Something I want you to keep in mind as you’re flipping through the pages of this book: every building, every space station, every ship hangar, every office, every laboratory, every everything! was built from scratch. There are no official LEGO sets here. They built this world. And that’s what really got me. Add to that all the staging, photography, and post processing. This is basically as complicated as storyboarding a movie. Look beyond the little minifigures and starships and look at the floors, the walls, the support columns – even the tiniest little robot being showcased is still inside a massively planned scene that had to be designed and built. For example:
The floor alone is gorgeous – but look at the details. Are you wowed yet? Ok ok, sure, people have done things like this before. We’ve all seen the football stadiums, and the battleships, and the Battle of Hoth but you have to admit this LEGO world is pretty detailed. I give credit where credit is due.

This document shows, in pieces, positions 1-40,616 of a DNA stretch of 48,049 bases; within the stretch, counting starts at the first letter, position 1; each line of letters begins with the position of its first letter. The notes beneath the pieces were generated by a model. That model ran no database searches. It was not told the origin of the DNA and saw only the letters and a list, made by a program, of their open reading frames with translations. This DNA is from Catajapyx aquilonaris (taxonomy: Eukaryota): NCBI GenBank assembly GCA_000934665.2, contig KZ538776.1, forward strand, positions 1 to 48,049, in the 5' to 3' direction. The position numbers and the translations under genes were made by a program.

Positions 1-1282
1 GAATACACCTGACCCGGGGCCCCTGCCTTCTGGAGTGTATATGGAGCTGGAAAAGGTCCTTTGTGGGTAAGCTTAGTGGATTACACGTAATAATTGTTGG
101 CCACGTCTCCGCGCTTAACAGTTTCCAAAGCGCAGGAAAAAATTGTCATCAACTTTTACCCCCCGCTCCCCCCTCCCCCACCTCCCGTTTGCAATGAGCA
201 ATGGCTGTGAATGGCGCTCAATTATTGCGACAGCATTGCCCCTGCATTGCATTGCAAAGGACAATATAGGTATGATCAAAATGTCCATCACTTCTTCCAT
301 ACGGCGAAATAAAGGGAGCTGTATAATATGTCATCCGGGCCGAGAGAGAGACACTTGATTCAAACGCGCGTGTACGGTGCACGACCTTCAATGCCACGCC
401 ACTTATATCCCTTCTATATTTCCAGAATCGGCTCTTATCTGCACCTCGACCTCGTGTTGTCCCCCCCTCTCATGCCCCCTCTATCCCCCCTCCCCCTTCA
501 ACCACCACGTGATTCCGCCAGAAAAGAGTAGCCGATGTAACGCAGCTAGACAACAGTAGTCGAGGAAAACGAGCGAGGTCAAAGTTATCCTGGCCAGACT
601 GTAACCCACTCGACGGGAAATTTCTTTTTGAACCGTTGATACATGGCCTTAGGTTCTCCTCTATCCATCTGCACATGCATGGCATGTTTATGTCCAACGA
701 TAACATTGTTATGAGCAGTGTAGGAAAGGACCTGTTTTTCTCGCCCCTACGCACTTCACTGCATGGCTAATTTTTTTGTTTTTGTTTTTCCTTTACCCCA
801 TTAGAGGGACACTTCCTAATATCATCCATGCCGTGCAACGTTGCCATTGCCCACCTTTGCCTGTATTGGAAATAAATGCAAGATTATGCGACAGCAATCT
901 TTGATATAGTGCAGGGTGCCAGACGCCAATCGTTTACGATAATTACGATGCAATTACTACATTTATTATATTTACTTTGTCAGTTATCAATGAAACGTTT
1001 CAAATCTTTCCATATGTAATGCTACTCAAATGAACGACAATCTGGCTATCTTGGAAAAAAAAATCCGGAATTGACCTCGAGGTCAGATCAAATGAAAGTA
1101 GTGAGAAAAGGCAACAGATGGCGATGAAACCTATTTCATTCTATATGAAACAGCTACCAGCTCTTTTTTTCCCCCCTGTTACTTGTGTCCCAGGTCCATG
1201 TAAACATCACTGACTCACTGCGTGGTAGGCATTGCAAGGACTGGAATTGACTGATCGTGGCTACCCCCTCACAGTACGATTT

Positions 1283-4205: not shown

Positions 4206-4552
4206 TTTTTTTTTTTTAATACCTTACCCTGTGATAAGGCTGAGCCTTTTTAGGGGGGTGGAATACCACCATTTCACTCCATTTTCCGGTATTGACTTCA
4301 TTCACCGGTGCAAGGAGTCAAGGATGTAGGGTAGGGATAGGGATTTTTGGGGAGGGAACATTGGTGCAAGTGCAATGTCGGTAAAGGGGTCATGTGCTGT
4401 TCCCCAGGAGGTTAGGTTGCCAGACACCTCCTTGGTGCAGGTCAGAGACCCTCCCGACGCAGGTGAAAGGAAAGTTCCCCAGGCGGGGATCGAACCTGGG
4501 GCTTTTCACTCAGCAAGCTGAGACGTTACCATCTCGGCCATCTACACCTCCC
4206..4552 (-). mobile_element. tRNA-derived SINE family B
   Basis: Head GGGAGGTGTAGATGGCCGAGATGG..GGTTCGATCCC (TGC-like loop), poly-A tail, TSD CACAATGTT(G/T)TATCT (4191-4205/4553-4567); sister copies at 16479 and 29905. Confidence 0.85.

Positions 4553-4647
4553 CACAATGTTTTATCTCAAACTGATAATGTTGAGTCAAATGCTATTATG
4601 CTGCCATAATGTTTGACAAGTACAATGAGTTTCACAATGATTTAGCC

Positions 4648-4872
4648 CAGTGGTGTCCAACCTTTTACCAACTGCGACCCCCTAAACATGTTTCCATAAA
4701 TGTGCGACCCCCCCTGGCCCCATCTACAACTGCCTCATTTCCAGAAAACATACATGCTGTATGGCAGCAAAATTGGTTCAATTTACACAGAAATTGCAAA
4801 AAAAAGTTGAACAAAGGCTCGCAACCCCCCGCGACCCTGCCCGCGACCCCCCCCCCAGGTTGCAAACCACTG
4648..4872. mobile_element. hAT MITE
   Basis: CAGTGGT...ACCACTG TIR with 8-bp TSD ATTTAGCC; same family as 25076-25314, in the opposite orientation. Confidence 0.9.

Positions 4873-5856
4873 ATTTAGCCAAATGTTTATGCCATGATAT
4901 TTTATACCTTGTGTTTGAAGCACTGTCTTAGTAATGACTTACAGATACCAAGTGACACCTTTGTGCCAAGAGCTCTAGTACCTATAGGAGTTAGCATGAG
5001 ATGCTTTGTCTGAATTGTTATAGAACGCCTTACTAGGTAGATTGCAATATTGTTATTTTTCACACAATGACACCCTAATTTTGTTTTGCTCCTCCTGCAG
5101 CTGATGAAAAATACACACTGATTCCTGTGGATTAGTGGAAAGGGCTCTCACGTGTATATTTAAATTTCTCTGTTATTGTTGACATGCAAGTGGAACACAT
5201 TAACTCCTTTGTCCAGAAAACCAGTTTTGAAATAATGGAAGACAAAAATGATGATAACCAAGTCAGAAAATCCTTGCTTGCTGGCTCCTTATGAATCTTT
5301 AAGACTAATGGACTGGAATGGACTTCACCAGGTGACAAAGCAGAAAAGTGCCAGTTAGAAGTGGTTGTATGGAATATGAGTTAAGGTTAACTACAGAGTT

Oh, by the way, that robotic suit in the above picture – in the left background – that’s author Peter Reid’s creation, and it won a contest to become the next fan-made official set by LEGO: The Exo Suit. It’s just the sixth ever to win that accolade. Look for it in stores mid-2014! Here’s a better picture
Now you’re impressed, right? Good.

LEGO Space: Building the Future: B+
Available now: $24.95

Ok now that that’s out of the way…
You all know I’m a science junky, so that obviously means I’m a space nerd as well. And the space nerd inside of me is screaming to know how they built Voyager 1 & 2, and the Curiosity rover. Because I want to make them. Collector’s series size. So I can suspend Voyager from a ceiling in my future house, and put Curiosity on a shelf and marvel at the awesome fusion of historic space stuff and LEGO. I know it’s not that complex, but it has many small indistinguishable pieces. And I hate guessing – especially guessing incorrectly. What do you say LEGO? Help a brother out. (Or Peter, or Tim?)


3 thoughts on “[New Book] LEGO Space: Building the Future

  1. Pingback: Tuesday Tirade: The LEGO DeLorean set looks like crap | the surly biker

  2. Pingback: New official LEGO Mars Curiosity Rover, available 1/1/14 | the surly biker